Over the last 30 years, Chile’s glaciers have been melting faster than usual. The glaciers once dazzled Charles Darwin during his trip to the country. But what Darwin saw as gigantic ice has turned into fjords.
The Darwin mountain range, home to Cape Horn’s main ice field, has lost an average of 5km2 per year of ice in the last 30 years, compared to 1.7km2 per year from 1870 to 2016, Andrés Rivera, a geographer at Universidad de Chile, told news agency EFE.
Rivera said even though the ice at Cape Horn will not completely disappear in the next decades, some glaciers are vulnerable to climate change, especially those on the northern slope of the Darwin mountain range, covered by about 2,000km2 of ice.
“It rains a lot more today and snows a lot less than in the past. This is one of the effects that was predicted from climate change and it materialized,” the head of Cape Horn research center CHIC, Ricardo Rozzi, told EFE.
CHIC researcher Andrés Mansilla, who focuses on changes in algae as result of climate change, said algae absorbs large amounts of carbon from the atmosphere and that its retreat can accelerate further climate change globally.
“Southern Chile is home to the largest reserves of brown algae in the world, which are extremely vulnerable to freshwater discharged from melting ice,” Mansilla said. “The glacier is melting faster and faster, and what seems somewhat imperceptible are actually tons of water discharged into the marine ecosystem.”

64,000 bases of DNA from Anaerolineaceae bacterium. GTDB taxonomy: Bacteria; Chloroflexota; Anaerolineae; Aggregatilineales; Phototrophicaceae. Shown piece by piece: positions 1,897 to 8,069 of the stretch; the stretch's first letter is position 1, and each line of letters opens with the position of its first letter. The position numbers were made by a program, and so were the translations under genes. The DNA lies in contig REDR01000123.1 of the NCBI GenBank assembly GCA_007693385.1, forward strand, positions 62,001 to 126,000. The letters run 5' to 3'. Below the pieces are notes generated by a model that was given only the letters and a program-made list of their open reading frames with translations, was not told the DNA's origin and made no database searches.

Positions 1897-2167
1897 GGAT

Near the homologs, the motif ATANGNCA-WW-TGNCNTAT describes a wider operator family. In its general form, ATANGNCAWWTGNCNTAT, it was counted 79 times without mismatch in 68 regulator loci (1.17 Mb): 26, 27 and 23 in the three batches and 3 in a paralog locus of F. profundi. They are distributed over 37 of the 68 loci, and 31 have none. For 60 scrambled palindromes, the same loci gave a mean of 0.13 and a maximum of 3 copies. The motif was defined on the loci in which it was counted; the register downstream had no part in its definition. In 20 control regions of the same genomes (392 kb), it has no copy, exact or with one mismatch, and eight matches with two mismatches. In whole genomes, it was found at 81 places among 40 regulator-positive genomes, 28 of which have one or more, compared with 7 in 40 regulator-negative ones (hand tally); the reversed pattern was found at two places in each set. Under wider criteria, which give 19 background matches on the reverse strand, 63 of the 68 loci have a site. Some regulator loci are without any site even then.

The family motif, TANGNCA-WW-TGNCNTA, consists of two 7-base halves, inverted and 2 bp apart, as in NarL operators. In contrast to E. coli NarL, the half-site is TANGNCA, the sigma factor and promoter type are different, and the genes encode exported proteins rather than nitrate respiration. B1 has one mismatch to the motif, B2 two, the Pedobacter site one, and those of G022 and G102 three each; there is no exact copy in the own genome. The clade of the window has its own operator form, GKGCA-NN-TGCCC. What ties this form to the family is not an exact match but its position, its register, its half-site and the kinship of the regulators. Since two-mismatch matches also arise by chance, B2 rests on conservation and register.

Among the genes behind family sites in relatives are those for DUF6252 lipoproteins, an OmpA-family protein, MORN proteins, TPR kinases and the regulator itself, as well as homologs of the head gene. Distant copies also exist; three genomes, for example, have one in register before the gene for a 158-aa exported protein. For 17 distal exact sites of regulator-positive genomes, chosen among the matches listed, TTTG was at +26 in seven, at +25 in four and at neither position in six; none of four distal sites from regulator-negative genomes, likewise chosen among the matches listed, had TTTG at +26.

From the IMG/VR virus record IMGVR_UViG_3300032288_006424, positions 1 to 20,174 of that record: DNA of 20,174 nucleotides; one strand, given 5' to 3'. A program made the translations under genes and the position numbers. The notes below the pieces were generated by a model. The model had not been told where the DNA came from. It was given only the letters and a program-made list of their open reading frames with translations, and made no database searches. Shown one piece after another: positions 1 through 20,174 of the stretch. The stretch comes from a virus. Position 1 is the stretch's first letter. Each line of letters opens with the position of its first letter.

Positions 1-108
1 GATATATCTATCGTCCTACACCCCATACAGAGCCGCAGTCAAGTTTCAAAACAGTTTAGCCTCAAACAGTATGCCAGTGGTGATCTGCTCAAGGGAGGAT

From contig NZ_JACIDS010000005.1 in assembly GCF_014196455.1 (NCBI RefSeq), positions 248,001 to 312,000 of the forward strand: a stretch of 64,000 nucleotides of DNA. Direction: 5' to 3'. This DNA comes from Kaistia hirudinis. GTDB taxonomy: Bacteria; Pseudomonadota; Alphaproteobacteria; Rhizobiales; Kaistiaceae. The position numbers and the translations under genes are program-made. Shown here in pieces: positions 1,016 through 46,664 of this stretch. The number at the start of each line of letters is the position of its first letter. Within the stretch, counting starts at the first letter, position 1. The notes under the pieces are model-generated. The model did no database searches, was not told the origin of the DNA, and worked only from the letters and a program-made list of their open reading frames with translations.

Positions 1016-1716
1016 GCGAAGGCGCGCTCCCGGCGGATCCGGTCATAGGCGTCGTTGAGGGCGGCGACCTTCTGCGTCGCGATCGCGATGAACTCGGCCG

Charles Darwin visited the ice field during his first trip to Tierra del Fuego in 1832, which helped him with his scientific theories. But the glacier Darwin saw is now a fjord.
“In many parts, magnificent glaciers extend from the mountainside to the water’s edge. It is scarcely possible to imagine anything more beautiful than the beryl-like blue of these glaciers, and especially as contrasted with the dead white of the upper expanse of snow,” Darwin wrote in his diary on Jan. 20, 1833, during a trip to the Beagle Channel.
Chongyang Zhang is pursuing an Erasmus Mundus Joint Master’s program in journalism, media and globalisation. His interest lies in the relations among the United States, Latin America and China. He is currently doing an exchange semester at the Pontifical Catholic University of Chile.